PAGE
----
he news comes off the back of three consecutive months of year-on-year growth in gross gaming revenues, two of which fall within the quarter.
DSEC have attributed the rise to a rebound in both exports of services and investment. “External demand showed improvement, leading to a pickup in exports of gaming services and exports of other tourism services, rising by 0.2 percent and 6.5 percent respectively year-on-year,” noted DSEC in Tuesday's statement.
The institution’s conclusions are supported by data published earlier this week that showed that visitor spending in the territory had rebounded, representing the first signs of growth in seven consecutive quarters.
Also in the third quarter of 2016, domestic demand recovered and private consumption expenditure and investment grew by 0.3 percent and 2.3 percent respectively.
The implicit deflator of GDP, which measures the overall change in prices, rose marginally according to DSEC, by 0.2 percent year-on-year
Private consumption expenditure rose slightly by 0.3 percent year-on-year in the third quarter, supported by a “favorable employment situation” and reduced inflationary pressures, thus ending its downtrend in the two previous quarters.
Nevertheless, expenditure on durable goods remained weak, indicating that households remain cautious about spending on non-essential items. Household final consumption expenditure in the domestic market and abroad grew by 0.5 percent and 4.5 percent respectively.
Government final consumption expenditure diminished, falling by 1.3 percent year-on-year, lower than the 6.1 percent growth in the second quarter of this year. Compensation of employees increased by 2.2 percent, while net purchases of goods and services decreased by 4.9 percent.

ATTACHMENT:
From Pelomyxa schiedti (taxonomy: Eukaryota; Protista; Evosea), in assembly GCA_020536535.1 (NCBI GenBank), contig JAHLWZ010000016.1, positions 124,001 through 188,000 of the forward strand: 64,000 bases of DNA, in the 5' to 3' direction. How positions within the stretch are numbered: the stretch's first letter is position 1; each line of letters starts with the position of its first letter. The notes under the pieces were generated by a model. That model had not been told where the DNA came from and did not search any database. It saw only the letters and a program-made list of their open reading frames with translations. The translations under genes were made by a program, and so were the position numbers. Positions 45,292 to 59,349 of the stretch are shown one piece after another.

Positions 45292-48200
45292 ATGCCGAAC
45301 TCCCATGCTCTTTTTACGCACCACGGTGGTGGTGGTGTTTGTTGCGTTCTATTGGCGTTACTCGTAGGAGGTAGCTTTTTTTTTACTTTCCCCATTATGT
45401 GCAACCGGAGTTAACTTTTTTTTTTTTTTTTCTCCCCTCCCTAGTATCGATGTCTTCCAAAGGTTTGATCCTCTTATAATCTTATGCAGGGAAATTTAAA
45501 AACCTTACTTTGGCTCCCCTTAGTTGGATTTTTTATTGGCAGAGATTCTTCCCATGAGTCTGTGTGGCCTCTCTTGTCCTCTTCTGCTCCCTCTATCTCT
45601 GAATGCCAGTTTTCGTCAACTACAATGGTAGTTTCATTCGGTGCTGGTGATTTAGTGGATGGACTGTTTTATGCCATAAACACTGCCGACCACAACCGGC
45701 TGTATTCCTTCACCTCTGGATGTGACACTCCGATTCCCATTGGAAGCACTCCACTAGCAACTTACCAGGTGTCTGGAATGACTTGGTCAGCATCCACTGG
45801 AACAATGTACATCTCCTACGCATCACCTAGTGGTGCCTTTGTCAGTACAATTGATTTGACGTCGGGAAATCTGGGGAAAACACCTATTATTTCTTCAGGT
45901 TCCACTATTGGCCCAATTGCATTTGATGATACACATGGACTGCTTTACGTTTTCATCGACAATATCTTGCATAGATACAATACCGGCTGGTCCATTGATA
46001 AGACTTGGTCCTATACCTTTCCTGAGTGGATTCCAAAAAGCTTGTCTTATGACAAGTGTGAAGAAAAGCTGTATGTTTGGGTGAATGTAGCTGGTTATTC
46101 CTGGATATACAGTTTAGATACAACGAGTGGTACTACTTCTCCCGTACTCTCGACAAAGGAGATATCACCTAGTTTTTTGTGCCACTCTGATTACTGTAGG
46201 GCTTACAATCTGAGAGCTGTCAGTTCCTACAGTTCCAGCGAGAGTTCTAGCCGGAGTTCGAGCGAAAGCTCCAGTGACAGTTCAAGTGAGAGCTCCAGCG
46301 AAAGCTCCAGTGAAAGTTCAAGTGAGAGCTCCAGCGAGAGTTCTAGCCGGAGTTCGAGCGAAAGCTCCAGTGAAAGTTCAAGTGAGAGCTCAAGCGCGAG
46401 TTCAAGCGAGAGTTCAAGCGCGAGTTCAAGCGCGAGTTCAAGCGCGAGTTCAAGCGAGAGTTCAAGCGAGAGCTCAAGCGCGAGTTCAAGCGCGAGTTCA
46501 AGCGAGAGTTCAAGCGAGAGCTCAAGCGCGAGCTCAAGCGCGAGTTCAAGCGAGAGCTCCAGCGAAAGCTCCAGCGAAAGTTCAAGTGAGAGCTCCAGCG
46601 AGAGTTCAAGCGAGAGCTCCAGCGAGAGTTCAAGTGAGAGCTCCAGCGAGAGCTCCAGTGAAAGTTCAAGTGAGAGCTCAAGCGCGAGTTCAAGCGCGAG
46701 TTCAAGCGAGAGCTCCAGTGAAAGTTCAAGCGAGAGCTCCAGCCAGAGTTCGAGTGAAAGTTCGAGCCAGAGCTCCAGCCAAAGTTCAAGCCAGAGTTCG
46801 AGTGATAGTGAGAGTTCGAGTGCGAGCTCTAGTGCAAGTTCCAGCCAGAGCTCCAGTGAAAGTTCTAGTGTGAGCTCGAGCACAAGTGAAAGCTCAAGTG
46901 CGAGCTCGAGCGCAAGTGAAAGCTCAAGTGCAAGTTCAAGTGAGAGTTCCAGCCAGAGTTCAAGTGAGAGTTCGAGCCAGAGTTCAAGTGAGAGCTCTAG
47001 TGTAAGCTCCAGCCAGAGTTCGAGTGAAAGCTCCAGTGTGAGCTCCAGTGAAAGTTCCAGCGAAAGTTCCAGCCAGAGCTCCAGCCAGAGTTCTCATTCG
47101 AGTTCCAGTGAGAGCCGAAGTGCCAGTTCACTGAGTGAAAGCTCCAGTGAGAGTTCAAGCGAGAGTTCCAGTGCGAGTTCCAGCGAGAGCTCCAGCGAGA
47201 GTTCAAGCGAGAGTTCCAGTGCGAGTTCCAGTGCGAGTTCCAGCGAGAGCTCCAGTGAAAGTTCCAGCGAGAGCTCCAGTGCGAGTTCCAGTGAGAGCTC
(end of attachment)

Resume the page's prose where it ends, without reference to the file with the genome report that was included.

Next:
At the same time, investment gained momentum during the third quarter, underpinned by an increase in private investment
Gross fixed capital formation, the gauge of investment, grew by 2.3 percent year-on-year, rebounding from a sharp decline of 20 percent in the previous quarter. Meanwhile, government investment rose by 1.8 percent, of which equipment investment grew by 17.5 percent but public construction edged down by 0.1 percent.
Decline in merchandise trade tapered off. Overall demand stabilized, with private consumption, investment and visitor spending showing modest growth. Both imports and exports of goods decreased at a slower rate, by 7.3 percent and 15.6 percent respectively year-on-year, far lower than the 17 percent and 24.7 percent declines in the second quarter.
Also aggregated in the statement was the economic growth of the MSAR for the first three quarters of 2016, which in fact contracted by 5.4 percent in real terms compared with the same period in the previous year.
Economic growth for 2014 and 2015 was revised downwards from 0.9 percent and -20.3 percent to -1.2 percent and -21.5 percent respectively.